A delegation sent by Palestinian President Mahmoud Abbas is set to arrive in the Gaza Strip for a new round of Palestinian reconciliation talks with rival political faction Hamas, Al Jazeera reported.
The West Bank delegation is expected to arrive on Tuesday afternoon and will have its first meeting with Ismail Haniyeh, Hamas' Gaza-based prime minister.
Mustafa Barghouti, the secretary-general of the Palestinian National Initiative, told Al Jazeera that the five-member delegation includes officials from Abbas' Fatah party, leftist factions in the Palestinian Liberation Organisation (PLO) and Palestinian businessman Munib al-Masri.
Barghouti said Israel tried to block the delegation at Erez crossing, on Gaza's northern border with Israel, but it allowed the delegates through "after [they] threatened... to travel through Egypt".
Hamas and Fatah, the two main Palestinian political factions, have been divided since factional fighting broke out after Hamas' victory in Palestinian legislative council elections in 2006.
A year later, Hamas took control of the besieged Gaza Strip, while the US-backed Palestinian Authority rules over parts of the occupied West Bank.
Barghouti said the discussions on Tuesday would focus on implementing earlier reconciliation agreements brokered by Egypt and Qatar in 2011 and 2012. The Doha Agreement stipulated that presidential and legislative elections be held under the direction of Abbas.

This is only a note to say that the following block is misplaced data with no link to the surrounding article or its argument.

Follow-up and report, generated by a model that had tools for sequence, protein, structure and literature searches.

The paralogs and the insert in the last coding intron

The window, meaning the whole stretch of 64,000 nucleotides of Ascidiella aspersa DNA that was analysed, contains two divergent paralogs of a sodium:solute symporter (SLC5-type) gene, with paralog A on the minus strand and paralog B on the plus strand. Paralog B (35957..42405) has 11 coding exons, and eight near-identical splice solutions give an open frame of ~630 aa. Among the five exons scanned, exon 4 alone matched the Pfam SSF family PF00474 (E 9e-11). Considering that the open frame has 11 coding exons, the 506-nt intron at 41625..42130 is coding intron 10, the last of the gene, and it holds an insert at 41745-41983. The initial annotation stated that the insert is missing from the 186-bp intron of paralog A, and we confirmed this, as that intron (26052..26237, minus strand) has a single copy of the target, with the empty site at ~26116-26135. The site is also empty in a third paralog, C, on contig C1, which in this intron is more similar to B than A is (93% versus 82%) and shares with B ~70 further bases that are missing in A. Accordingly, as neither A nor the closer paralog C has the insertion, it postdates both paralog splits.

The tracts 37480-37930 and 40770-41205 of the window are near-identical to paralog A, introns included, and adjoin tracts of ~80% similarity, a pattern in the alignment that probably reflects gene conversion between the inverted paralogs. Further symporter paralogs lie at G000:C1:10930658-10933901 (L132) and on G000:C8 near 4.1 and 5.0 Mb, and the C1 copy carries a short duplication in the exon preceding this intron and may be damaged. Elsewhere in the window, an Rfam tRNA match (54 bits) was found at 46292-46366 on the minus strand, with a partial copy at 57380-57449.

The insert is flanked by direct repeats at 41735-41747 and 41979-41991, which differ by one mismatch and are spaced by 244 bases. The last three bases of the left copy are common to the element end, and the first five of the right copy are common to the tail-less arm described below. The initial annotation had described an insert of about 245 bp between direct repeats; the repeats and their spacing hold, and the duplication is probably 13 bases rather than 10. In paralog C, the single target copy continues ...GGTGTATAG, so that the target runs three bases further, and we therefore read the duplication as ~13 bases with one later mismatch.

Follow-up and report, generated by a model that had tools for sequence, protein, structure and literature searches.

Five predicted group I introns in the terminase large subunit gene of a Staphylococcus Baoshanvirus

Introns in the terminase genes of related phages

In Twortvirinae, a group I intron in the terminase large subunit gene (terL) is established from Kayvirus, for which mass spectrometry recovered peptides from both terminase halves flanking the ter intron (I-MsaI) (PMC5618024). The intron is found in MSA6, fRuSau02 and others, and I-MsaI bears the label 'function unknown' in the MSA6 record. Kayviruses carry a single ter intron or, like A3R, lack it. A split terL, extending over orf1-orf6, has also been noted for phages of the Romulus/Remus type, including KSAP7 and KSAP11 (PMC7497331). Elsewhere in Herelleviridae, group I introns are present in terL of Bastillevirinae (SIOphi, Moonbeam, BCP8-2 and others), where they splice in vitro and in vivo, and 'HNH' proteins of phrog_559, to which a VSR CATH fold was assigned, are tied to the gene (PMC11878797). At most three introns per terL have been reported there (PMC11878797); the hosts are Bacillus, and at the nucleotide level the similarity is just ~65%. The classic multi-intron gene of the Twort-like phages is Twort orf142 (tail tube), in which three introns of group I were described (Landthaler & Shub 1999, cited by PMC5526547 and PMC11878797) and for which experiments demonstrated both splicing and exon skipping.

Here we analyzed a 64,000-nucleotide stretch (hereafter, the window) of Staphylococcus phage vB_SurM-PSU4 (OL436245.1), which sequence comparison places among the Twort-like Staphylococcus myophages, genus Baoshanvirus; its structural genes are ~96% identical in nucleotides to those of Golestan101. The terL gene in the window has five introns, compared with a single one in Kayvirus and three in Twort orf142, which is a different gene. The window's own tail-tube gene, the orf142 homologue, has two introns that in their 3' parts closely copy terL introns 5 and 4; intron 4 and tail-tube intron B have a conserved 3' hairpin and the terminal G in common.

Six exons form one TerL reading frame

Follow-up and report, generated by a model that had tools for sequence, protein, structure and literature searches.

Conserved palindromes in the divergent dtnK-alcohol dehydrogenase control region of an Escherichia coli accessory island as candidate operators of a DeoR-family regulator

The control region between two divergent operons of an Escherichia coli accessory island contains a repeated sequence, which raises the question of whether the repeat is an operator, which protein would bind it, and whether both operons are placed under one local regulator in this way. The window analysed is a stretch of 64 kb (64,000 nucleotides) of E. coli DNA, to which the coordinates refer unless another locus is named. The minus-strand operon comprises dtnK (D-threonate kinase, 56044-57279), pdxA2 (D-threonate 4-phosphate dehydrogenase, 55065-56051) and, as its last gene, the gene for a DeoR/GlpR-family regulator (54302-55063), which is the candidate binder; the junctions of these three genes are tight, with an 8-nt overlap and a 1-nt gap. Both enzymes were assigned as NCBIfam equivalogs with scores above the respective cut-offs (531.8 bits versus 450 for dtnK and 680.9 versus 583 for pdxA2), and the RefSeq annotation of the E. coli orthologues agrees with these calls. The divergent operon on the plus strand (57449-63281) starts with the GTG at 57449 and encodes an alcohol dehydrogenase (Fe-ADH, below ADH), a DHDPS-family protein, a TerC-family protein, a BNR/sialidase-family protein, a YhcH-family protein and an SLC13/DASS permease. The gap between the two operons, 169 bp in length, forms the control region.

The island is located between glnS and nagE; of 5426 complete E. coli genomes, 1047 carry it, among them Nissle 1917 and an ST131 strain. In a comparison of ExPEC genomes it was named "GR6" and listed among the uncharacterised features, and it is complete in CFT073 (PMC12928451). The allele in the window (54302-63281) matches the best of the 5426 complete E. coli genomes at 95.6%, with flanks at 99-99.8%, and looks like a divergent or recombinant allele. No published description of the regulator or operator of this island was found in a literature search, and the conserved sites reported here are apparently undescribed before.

"In brief, there must be no selectivity in implementing the agreements we signed," Yahia Moussa, a Gaza-based Hamas official, told Al Jazeera. "All the files should be tackled side-by-side."
On Tuesday, Egypt allowed a senior Hamas official, Moussa Abu Marzouk, into Gaza through Rafah crossing to take part in the discussions. Hamas also released 10 Fatah prisoners before the meeting as a goodwill gesture.
Abu Thaer, one of the released Fatah prisoners, said: "This is a good step to achieve reconciliation. We hope there will be more steps... as there are still other Fatah members in Hamas jails for more than seven years."
The latest round of talks comes as the two factions are under outside pressure. The PA is dealing with the looming breakdown of US-sponsored peace negotiations with Israel, while Hamas is attempting to ease a severe economic crisis in Gaza, largely due to a breakdown in relations with neighbouring Egypt.